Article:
February 26, 2022 Russia-Ukraine news

By Adrienne Vogt, Lauren Said-Moorhouse, Jeevan Ravindran, Peter Wilkinson, Jessie Yeung, Brad Lendon, Steve George, Meg Wagner, Amir Vera and Helen Regan, CNN

Updated 10:27 a.m. ET, March 6, 2022
71 Posts
Sort byDropdown arrow
10:27 a.m. ET, March 6, 2022

People with disabilities and mobility issues find themselves trapped in Kyiv

From CNN's Ivana Kottasova in Kyiv

From left, Sofia, Yulia, Yulia’s mother and Maryna.
From left, Sofia, Yulia, Yulia’s mother and Maryna. (Courtesy Yulia Klepets)

About a minute after the sirens went off on Saturday morning, Yulia Klepets heard a huge boom. She saw from her window that an apartment building roughly 200 meters from her home got hit by something.

A huge hole appeared on one side of the high-rise building. There was fire and smoke. Debris was flying around. She started panicking; her whole body was shaking. 

Klepets has been hunkering down in her home alongside her mother, two daughters and a cousin. The five women had to made a quick decision. Klepets’ cousin and younger daughter went down to an underground carpark that turned into a bomb shelter. She stayed behind with her mother and older daughter.

“My mother is 82 years old. She cannot walk on her own and there is no way to get her down, because we're on the seventh floor,” she told CNN on Saturday. 

Klepets’ older daughter, Maryna, is 25 years old and has autism. She was in a state of shock, unable to move.

“She couldn’t go down the stairs. She wouldn’t be able to stay in the shelter,” Klepets said. 

Maryna doesn’t understand what is going on, Klepets said. She keeps asking her mother whether or not there will be any more shaking. 

“She wants to go to the sea, or at least to the pool, and I have to explain to her that there is a war right now so we cannot do that, and then she says, ‘Maybe it will end and then we'll go to someplace nice [near] the sea,’” Klepets said, adding that Maryna doesn’t know how to swim, but she really loves the seaside. “She finds [it] miraculous when she's next to the sea.” 

Maryna (Courtesy Yulia Klepets)

Not long after the strike, Klepets’ cousin came back from the basement. She said Sofia, Klepets’ younger daughter, was too scared without her. She tried to resist, refusing to leave her mother and Maryna behind, but was forced to go.

“We said our goodbyes. We hugged each other without saying a word,” she said.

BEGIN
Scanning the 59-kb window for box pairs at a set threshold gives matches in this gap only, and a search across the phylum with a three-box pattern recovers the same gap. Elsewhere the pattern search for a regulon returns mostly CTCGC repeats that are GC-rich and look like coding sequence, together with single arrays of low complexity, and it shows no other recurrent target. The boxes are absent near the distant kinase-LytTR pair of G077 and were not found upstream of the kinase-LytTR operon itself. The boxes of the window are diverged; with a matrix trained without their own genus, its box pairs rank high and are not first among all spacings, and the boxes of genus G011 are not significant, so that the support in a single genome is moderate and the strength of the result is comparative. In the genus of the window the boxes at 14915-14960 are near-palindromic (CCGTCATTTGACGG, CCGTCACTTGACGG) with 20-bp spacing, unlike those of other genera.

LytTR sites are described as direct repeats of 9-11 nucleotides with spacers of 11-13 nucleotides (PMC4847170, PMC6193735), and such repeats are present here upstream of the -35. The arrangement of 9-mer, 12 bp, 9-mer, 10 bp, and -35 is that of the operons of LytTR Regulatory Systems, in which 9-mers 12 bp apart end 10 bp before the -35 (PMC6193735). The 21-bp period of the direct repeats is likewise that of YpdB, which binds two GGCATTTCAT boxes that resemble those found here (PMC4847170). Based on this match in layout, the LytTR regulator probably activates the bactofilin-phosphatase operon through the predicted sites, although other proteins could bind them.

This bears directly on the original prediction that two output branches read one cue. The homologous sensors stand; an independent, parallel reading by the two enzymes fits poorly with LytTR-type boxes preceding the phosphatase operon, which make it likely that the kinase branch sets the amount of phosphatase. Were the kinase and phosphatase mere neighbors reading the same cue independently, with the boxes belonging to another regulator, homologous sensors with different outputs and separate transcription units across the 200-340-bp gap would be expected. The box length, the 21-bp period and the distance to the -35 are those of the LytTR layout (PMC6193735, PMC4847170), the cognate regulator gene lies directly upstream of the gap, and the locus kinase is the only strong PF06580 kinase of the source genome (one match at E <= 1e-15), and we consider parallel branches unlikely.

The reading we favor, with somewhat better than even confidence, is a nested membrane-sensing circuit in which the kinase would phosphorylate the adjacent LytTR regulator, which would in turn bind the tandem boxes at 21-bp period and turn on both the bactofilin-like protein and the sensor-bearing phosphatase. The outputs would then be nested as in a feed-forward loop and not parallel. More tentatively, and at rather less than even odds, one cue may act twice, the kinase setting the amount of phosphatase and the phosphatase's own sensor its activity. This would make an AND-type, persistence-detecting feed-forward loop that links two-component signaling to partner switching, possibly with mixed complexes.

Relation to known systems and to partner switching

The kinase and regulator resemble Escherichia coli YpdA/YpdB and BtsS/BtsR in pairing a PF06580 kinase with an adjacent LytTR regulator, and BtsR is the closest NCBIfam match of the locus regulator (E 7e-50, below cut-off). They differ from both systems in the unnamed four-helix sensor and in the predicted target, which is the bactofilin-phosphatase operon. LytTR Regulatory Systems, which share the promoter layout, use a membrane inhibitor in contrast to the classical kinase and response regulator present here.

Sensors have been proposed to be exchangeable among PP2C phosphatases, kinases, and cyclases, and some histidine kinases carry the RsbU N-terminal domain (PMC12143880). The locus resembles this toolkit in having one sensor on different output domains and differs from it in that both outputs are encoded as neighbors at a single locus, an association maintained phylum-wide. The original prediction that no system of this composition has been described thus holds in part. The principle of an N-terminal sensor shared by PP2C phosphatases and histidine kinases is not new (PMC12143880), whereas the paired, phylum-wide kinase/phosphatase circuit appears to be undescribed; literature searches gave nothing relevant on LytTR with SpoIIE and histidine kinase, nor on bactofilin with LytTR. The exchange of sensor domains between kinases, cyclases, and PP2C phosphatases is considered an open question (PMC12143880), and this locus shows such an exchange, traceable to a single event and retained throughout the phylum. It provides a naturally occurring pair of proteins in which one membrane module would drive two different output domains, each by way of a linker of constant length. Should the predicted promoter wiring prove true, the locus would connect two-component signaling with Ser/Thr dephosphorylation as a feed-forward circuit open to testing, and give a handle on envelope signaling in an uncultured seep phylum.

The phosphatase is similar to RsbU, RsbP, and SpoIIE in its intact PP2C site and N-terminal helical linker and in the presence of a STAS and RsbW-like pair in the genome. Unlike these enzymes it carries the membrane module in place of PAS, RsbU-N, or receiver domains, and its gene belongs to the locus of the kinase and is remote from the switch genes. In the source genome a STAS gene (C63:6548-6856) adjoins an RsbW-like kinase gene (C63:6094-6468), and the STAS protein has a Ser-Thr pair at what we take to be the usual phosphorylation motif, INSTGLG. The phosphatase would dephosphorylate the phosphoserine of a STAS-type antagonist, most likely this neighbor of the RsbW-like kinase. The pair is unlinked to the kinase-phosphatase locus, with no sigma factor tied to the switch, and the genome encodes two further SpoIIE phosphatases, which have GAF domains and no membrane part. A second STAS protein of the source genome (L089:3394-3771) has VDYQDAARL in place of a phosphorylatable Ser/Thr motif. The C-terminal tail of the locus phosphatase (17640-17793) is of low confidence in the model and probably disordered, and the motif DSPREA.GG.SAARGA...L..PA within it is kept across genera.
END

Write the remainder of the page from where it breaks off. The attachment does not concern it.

Klepets said she has been trying to get help for her mother and Maryna for the past four days.

“I called the rehabilitation service center and was told that people who were unable to move by themselves needed to call and register so that they are on the list of people who need help with mobility,” she said. “They told me to call the next day, that they would tell me which documents we needed. Then they told me that they can come to my apartment and help me clean but they did not offer to take my daughter out. I don't know what to say about this,” she said. 

Klepets said that families of people with disabilities are finding themselves trapped in Kyiv. 

“Yesterday, there were evacuations, so there was a chance to get away. There were trains, the local transport was running fee of charge, the trains were free, but you had to come to the railway station on your own and I cannot leave my mother,” she said.

This post has been updated to correct the spelling of Maryna's name.

12:42 p.m. ET, February 26, 2022

Nearly 2,700 people detained in anti-war protests in Russia since Thursday, monitoring site says

From CNN's Anna Chernova in Moscow

A demonstrator against the invasion of Ukraine is led away by police in Moscow, on February 24.
A demonstrator against the invasion of Ukraine is led away by police in Moscow, on February 24. (Daniil Danchenko/NurPhoto/Getty Images)

A total of 2,692 people have been detained in anti-war protests in Russia since Thursday, independent protest monitoring site OVD-Info said Saturday.

At least 1,370 of them were detained in protests in Moscow, according to the same site. 

Protests are ongoing in at least 27 cities, according to OVD-Info.

On Thursday, Russia's Investigative Committee warned that participation in any anti-war protest was illegal. It also said that offenses could be entered on participants’ criminal records which would “leave a mark on the person’s future.”

12:21 p.m. ET, February 26, 2022

On the ground: CNN correspondent observes Russian armored vehicles moving toward Ukraine

A large column of Russian armored vehicles drove past CNN correspondent Frederik Pleitgen on Saturday headed toward Ukrainian territory and the city of Kharkiv.

"This is something ... that we've seen throughout the entire course of the day, that more of this heavy equipment has been moving towards the front line," he reported from near Belgorod, Russia.

"To see the Russians move that many of those in one column towards the front line is certainly something that at least for us right now is remarkable," he said.

He also said that he and his team have been hearing more rocket launchers going off today than in the past few days.

Earlier today, a senior US defense official said Russian forces are facing the “stiffest resistance” to their invasion in the northern part of Ukraine along two axes: “down towards Kyiv and generally from Belgorod towards Khakriv."

See the moment here:

12:16 p.m. ET, February 26, 2022

Heavy shelling and small arms fire seen in strategic maritime town of Mykolaiv

From CNN's Nick Paton Walsh and Natalie Gallon in Mykolaiv, Ukraine

Heavy shelling reverberated around the outskirts of the strategic maritime town of Mykolaiv in southern Ukraine on Saturday night.

One substantial blast lit up the skyline at around 6 p.m. local time. The impacts of multiple rockets were heard on several occasions and small arms fire grew.

The shelling comes after a day of heightened tensions in the city where a CNN crew saw Ukrainian troops fire warning shots and throw suspected Russian saboteurs from their cars to the ground. 

The town, which sits on an inlet from the Black Sea, raised its bridge Saturday, a rare event locals said had not happened for years. The move was apparently designed to cut a main connection between the north and south of the city after unconfirmed reports Russian paratroopers landed in the city’s northern areas.